General News of Fri, 27 Jul 201818
Double track system may leave students rusty – Former Education Minister
Former Minister of Education, Prof. Jane Naana Opoku Agyemang has expressed fears that the double tracking system for students who will be admitted into SHS1 in September for the 2018/2019 academic year may not yield positive results as it’s likely to impact negatively on the students education.
Government has announced that it is set to roll out a double Tracking System which will be similar to the semester mode of learning applicable in the universities at the SHS level.
With this system, each track will be in school for specific days for each semester and go on vacation and come back for the second semester. While the first track is in school, the second track will be on vacation and vice versa. The objectives of the Double-track School Calendar are to create room to accommodate increase in enrolment, reduce class sizes, increase contact hours and to increase the number of holidays.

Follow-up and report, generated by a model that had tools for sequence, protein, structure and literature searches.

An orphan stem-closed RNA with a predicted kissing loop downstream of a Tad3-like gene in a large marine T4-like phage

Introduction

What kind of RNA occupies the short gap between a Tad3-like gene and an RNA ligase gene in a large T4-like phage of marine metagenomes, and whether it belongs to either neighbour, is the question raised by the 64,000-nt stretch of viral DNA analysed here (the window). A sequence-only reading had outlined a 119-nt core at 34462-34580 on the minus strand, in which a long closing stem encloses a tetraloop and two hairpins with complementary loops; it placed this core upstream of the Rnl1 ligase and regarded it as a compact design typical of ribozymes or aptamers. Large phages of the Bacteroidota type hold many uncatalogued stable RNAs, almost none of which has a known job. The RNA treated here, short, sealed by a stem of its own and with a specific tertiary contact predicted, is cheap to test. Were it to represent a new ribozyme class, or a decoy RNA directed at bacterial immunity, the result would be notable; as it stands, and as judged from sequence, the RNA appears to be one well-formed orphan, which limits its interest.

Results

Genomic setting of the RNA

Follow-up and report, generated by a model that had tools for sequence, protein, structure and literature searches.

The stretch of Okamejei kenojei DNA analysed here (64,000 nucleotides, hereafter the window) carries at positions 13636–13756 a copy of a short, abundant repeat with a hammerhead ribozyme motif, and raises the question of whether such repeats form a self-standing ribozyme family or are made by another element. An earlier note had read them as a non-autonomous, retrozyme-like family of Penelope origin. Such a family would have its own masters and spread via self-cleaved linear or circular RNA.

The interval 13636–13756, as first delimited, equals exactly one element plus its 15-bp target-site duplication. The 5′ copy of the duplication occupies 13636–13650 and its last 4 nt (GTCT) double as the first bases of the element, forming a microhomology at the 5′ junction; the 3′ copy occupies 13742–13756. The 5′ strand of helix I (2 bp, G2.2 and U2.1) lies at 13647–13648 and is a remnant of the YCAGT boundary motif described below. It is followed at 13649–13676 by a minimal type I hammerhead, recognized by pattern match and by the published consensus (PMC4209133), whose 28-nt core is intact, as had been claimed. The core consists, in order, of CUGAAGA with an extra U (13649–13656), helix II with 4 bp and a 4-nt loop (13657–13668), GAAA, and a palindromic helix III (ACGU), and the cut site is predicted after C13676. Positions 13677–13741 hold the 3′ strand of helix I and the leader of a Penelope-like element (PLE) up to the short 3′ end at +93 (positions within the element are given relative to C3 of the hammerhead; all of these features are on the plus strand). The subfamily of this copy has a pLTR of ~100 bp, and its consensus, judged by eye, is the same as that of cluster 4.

The Double-track calendar is an intervention that allows schools to accommodate more students within the same facility and is often motivated by its potential to improve overcrowding as well as to save costs relative to new school construction in the short term. It is very popular in Australia, Costa Rica, Japan, some schools in the US and Kenya.
But speaking to Kasapa News, the former Vice-Chancellor of the University of Cape Coast, was worried that the students may be rusty after staying home for months.
“This policy where students will be in school in batches is usually implemented in universities because at that level the student is matured and knows what he or she is looking for in life. Usually most of these students who enroll under the double track system are also workers who are able to apply what they learn in school at their various work places when they go back. But with ours, we’re talking about SHS students some of whom are 13 or 14 years, what they learn in school, they’re likely to forget when they go and sit at home for three months. A lot of education must be done to explain this policy to both parents and students to ensure it doesn’t fail.”